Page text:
Florian Marcus

I mean, having taken my second master’s degree in Estonia, I’m very grateful for all the hard work you undoubtedly do every day and regard with regards to that, that master’s program or more widely, these let’s call them initiatives that depend on individuals at the end of the day, you know, just having these ideas. Do you feel like Estonia is particularly pragmatic in this kind of area? Or do you see other countries where one person, because of the lean management and the lean, uh, architecture can make these kinds of changes? Or would you say that’s something rather specific to Estonia?

Ott Velsberg

So Estonians are definitely more pragmatic, and it really has to do with the number of people we have, the resources we have. So everything always has to be pragmatic. Two candidates, so it’s even the case in education, we often try to get the most out of the student, whether it is in collaboration with the private sector or even the government itself. We try to maximize and the kind of the underlying thing that I see in different projects is efficiency. Unfortunately, the downside of carrying out projects in such ways is that we often forget the kind of human quality side of things. Yeah. So kind of customer satisfaction of services, we often forget to measure that. That doesn’t mean that we don’t pay attention. There is a mantra that let’s try to be as proactive, as efficient as possible. So it has downsides.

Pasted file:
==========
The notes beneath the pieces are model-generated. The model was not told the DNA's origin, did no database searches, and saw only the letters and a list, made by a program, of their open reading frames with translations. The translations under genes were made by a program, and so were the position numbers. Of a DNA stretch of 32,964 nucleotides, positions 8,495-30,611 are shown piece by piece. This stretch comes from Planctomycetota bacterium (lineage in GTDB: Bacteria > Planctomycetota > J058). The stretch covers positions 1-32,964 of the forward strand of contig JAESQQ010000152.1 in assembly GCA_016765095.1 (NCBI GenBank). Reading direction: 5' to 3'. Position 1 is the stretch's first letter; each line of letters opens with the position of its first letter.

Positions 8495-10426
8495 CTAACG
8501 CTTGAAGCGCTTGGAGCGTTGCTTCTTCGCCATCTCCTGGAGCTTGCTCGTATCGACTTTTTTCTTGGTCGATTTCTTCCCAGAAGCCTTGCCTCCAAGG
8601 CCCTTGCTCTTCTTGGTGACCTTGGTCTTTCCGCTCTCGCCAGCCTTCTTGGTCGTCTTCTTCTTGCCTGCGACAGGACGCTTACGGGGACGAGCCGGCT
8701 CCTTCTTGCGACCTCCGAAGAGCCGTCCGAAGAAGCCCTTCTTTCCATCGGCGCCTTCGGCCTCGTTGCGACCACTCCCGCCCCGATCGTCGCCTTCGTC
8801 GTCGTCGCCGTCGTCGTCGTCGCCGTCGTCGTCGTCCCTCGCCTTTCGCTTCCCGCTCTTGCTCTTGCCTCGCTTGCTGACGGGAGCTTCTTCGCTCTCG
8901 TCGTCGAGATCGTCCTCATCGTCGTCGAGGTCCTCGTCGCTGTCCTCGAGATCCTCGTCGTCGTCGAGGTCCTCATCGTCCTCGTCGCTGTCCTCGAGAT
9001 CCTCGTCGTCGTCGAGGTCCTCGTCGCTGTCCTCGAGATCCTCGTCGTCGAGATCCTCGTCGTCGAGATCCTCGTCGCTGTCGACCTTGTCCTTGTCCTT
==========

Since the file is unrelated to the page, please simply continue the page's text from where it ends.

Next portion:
Florian Marcus

And then the question is, are we actually delivering on all of these things that we set ourselves? Absolutely.

Do Estonians have a higher level of awareness of how their data is being used?

Florian Marcus